recommended reading

The year in tech, 2012

Lennart Preiss/AP

Technology changes year to year, phone to phone, quarter to quarter. Here at The Atlantic, we like to focus on how those changes happen, the ideas that animate them, the people that execute them, the users who transform them. The last year saw massive change in this broad definition of the technology landscape -- from how we elect presidents to how we fight wars, from how we keep in touch with friends to how we read in solitude. This year wasn't like 2011 in which a few key stories dominated headlines from month to month (WikiLeaks, the revolutions in the Middle East and north Africa); it was a year in which there could have been 20 stories on this list as the the industry and its watchers groped for an organizing narrative beyond "the rise of social media," the arrival of tablets, and the dominance of Apple. So, we left out the well organized protests against SOPA/PIPA that kicked the year off and the ongoing patent wars that define which companies can make what products, but these themes reflect our obsessions, the things we've been thinking about, and hearing about from you. They provide a guided tour to how people used technology in 2012, for good, for bad, and for profit.

See the slideshow at The Atlantic

Threatwatch Alert

Thousands of cyber attacks occur each day

See the latest threats

JOIN THE DISCUSSION

Close [ x ] More from Nextgov
 
 

Thank you for subscribing to newsletters from Nextgov.com.
We think these reports might interest you:

  • Data-Centric Security vs. Database-Level Security

    Database-level encryption had its origins in the 1990s and early 2000s in response to very basic risks which largely revolved around the theft of servers, backup tapes and other physical-layer assets. As noted in Verizon’s 2014, Data Breach Investigations Report (DBIR)1, threats today are far more advanced and dangerous.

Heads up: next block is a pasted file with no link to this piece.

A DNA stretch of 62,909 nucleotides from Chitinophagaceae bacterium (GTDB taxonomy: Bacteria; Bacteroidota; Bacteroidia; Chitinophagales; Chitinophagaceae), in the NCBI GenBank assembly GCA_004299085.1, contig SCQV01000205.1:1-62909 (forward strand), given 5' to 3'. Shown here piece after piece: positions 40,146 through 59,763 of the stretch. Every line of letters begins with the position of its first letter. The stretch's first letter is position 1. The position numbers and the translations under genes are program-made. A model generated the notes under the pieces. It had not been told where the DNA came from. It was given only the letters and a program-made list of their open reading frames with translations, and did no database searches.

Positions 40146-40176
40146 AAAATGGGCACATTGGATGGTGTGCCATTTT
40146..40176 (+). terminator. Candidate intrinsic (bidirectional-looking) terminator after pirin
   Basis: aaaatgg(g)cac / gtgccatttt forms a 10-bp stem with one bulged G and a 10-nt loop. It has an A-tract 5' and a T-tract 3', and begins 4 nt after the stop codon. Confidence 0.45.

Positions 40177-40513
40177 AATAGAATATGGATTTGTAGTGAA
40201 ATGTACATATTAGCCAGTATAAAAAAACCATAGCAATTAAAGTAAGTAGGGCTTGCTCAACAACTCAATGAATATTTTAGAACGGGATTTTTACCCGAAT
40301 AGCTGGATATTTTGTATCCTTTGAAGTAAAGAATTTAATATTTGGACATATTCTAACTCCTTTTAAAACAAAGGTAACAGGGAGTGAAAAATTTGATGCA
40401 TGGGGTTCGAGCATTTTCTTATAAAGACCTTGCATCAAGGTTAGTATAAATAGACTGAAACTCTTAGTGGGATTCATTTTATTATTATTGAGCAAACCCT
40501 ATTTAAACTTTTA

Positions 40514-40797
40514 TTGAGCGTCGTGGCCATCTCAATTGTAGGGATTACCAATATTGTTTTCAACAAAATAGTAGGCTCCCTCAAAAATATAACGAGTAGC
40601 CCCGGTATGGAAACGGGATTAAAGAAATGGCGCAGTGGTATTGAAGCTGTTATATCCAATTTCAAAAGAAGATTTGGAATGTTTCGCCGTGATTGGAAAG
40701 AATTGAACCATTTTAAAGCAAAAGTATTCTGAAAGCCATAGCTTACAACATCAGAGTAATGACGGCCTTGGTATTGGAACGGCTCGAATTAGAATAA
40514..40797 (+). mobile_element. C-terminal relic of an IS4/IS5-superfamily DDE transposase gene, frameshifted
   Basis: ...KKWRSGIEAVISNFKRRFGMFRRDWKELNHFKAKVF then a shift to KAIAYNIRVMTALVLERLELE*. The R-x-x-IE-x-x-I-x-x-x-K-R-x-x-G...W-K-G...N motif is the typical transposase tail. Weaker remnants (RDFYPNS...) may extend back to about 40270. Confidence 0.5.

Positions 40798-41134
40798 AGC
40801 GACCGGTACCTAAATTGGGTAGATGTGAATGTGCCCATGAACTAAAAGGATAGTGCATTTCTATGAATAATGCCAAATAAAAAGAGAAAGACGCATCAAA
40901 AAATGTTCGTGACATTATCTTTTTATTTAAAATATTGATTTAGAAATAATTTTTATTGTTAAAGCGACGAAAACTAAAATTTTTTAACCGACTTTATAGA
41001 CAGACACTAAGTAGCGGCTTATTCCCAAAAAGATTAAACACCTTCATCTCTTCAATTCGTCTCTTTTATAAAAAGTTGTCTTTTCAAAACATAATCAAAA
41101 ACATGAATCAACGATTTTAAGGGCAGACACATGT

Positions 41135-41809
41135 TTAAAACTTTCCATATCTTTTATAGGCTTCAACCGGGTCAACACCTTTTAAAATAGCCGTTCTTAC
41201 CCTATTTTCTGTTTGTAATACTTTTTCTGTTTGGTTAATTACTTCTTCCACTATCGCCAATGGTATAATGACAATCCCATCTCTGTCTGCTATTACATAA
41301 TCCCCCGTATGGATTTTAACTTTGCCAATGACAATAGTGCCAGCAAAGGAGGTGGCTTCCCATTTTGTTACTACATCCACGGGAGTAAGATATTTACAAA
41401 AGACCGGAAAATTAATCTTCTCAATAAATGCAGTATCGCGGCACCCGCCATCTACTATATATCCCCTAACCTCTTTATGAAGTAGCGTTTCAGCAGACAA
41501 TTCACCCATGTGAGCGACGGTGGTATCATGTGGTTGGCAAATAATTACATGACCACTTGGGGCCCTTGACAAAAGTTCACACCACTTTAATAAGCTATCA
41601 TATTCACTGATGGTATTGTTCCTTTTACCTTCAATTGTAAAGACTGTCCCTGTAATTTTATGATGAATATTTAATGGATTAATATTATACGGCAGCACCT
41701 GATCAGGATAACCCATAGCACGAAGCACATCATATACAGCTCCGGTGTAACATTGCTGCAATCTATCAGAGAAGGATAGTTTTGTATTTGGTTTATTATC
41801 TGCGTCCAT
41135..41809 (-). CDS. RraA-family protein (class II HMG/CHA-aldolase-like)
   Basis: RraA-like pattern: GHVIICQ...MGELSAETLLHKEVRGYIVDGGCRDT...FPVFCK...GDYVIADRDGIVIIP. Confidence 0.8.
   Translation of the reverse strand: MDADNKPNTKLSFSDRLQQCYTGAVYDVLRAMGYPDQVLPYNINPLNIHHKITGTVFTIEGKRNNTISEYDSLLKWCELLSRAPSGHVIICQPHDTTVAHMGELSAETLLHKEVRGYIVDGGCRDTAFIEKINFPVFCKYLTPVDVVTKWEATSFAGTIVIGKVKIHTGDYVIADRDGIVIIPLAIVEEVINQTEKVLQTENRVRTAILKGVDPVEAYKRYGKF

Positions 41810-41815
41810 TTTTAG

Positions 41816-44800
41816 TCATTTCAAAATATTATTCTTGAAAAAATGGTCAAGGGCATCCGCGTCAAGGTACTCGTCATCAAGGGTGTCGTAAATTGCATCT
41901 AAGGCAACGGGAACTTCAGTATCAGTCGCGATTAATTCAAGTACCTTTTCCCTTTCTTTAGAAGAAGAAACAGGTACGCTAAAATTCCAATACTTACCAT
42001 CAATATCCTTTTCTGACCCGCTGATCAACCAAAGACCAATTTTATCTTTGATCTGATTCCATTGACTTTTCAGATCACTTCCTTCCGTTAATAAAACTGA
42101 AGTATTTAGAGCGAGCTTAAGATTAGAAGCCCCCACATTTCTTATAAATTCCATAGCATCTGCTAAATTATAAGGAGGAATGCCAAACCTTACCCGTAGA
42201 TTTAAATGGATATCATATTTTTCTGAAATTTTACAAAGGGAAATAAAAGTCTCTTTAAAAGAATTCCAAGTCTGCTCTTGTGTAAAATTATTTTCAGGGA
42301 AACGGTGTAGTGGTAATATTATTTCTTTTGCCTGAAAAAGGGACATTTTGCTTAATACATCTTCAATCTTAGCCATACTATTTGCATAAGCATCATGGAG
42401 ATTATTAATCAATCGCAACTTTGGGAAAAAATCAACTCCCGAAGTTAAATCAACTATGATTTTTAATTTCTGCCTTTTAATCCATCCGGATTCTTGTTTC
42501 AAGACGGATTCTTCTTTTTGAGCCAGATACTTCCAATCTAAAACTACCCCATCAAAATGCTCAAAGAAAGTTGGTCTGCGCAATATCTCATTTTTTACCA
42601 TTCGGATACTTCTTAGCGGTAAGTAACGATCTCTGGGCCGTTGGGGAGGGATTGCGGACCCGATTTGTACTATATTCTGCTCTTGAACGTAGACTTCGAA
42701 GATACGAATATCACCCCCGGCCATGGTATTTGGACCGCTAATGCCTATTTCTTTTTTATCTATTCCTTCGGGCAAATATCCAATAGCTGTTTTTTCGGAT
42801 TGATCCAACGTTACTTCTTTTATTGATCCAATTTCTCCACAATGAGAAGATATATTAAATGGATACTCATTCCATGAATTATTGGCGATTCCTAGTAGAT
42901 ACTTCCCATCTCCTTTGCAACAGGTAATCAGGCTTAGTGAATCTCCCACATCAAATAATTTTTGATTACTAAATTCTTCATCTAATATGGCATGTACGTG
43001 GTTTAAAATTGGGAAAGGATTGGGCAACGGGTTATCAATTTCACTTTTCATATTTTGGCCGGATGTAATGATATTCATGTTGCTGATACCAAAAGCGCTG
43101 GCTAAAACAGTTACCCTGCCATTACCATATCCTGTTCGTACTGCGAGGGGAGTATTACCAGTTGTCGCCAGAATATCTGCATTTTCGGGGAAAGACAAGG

Download
  • Featured Content from RSA Conference: Dissed by NIST

    Learn more about the latest draft of the U.S. National Institute of Standards and Technology guidance document on authentication and lifecycle management.

    Download
  • PIV- I And Multifactor Authentication: The Best Defense for Federal Government Contractors

    This white paper explores NIST SP 800-171 and why compliance is critical to federal government contractors, especially those that work with the Department of Defense, as well as how leveraging PIV-I credentialing with multifactor authentication can be used as a defense against cyberattacks

    Download
  • Toward A More Innovative Government

    This research study aims to understand how state and local leaders regard their agency’s innovation efforts and what they are doing to overcome the challenges they face in successfully implementing these efforts.

    Download
  • From Volume to Value: UK’s NHS Digital Provides U.S. Healthcare Agencies A Roadmap For Value-Based Payment Models

    The U.S. healthcare industry is rapidly moving away from traditional fee-for-service models and towards value-based purchasing that reimburses physicians for quality of care in place of frequency of care.

    Download
  • GBC Flash Poll: Is Your Agency Safe?

    Federal leaders weigh in on the state of information security

    Download

When you download a report, your information may be shared with the underwriters of that document.